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TikTok sued in US over Chinese access fears – as analyst predicts ‘close call’ on outright ban

The US state of Indiana is suing TikTok, alleging that it deceived its users about China’s ability to access their data.

According to lawsuits filed by Todd Tokita, the short-form video app has more than one million users around the world. It also exposes children and teens to inappropriate content related to sex or drugs.

This comes as the platform is under increased scrutiny for its Chinese roots, including in Britain, following an update to its privacy policies that revealed that TikTok staff overseas could have access to user data in certain circumstances.

ByteDance is the owner of TikTok, which is located in Beijing.

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‘Serious threat’

Republican Mr. Tokita described TikTok as “a malicious and menacing threat unleashed upon unsuspecting Indiana customers by a Chinese firm that knows full well what harms it causes”.

The spokesperson for the social media platform declined to comment on the lawsuits. However, the firm was on the defensive this week due to long-standing concerns between several US states.

Greg Abbott, Texas governor, has directed all state agencies to ban TikTok from government-issued devices. He claimed that the Chinese government poses a serious threat through the app.

He said that TikTok collects vast amounts data from its users’ devices, including when, where and how they conduct internet activities, and then offers this treasure trove of potentially sensitive information the Chinese government.

His counterparts in South Dakota, South Carolina, and Maryland all made the same move.


TikTok promises to ‘fully satisfy’ US concerns

TikTok spokesperson said that the bans were “largely fuelled misinformation about our company”.

They stated that the company takes user safety very seriously. The age requirement for creating an account was 13 years old. However, this has been raised to 18 to allow broadcasters to broadcast live.

They stated that they incorporate youth well-being in their policies, limit features based on age, empower parents and invest in new ways for families to enjoy content based upon age-appropriateness and family comfort.

“We are also confident that our negotiations with the US government will lead to a solution that fully addresses all US security concerns. We have already made substantial progress in implementing these solutions.”

Read more:TikTok videos ‘glorify’ Russian violence

TikTok food trends ‘perpetuate toxic diet culture’

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2020: ‘I don’t mind’ if Microsoft buys TikTok


Could TikTok get banned?

TikTok has been repeatedly in the crosshairs US politicians ever since former president Donald Trump attempted to impose an ban on the downloads of the app.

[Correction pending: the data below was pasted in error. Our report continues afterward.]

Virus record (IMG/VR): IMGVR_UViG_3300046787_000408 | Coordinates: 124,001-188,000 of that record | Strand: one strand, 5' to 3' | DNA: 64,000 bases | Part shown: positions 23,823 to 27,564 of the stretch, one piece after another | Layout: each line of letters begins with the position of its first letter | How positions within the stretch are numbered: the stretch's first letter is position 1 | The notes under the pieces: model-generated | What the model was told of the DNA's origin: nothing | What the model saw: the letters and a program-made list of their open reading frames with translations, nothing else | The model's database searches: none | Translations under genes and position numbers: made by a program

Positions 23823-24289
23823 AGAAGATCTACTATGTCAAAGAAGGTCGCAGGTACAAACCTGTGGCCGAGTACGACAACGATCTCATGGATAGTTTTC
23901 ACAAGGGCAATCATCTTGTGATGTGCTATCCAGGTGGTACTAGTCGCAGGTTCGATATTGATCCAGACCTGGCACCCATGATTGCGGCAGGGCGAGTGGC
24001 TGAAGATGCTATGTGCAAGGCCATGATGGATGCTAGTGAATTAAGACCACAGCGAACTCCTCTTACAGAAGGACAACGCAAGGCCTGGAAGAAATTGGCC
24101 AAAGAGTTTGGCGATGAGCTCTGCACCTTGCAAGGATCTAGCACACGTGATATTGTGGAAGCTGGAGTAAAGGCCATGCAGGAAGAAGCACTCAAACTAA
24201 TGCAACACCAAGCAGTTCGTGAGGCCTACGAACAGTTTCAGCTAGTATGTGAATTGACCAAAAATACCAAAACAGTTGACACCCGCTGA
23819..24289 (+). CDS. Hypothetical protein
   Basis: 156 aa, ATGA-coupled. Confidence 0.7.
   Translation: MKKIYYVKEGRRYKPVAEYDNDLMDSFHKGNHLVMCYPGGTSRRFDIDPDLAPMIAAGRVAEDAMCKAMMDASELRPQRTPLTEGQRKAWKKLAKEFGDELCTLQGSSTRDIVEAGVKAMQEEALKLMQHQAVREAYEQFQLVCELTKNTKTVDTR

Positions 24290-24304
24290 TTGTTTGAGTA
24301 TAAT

Joe Biden rescinded his predecessor’s order. However, he demanded that the government review foreign-owned apps. This review is still ongoing over a year later.

Chris Wray, FBI director, stated last month that TikTok’s US operations raise national security concerns.

He warned that the Chinese government could use the app to control or influence their users.

CNBC reports that analysts believe that there’s a chance for TikTok to be banned in the US next ye.

Paul Gallant, Cowen’s policy analyst, stated that TikTok would continue to survive in the US.

“But, we believe it’s very close now, and we continue to maintain our 40% chance for a ban by 2023.”

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Boris Johnson joins TikTok


How about in the UK?

Although there has not been much discussion in the UK about banning TikTok the app is being scrutinized more and more as it grows in popularity.

The company’s director for government relations stated that the Chinese government never requested TikTok to access UK user data in a Wednesday morning letter.

Liz Kanter stated that TikTok is committed to transparency about data requests made by other countries.

Ms Kanter wrote to Tory MP Alicia Kearns to say that TikTok was “separate”, and is not connected to a ByteDance subsidiary incorporated China. Its employees do not have access to user data.

She stated that she was not asked about TikTok UK user information by the Chinese government, or the CCP.

parliament shut down its official account in August due to fears that data could be given to the Chinese government.

TikTok was warned by the Information Commissioner’s Office that it could be subject to a PS27m penalty for failing to comply with the data protection law.

Ministers were also warned earlier this week that human traffickers were using TikTok for dangerous Channel crossings. The government is trying to curb the practice.

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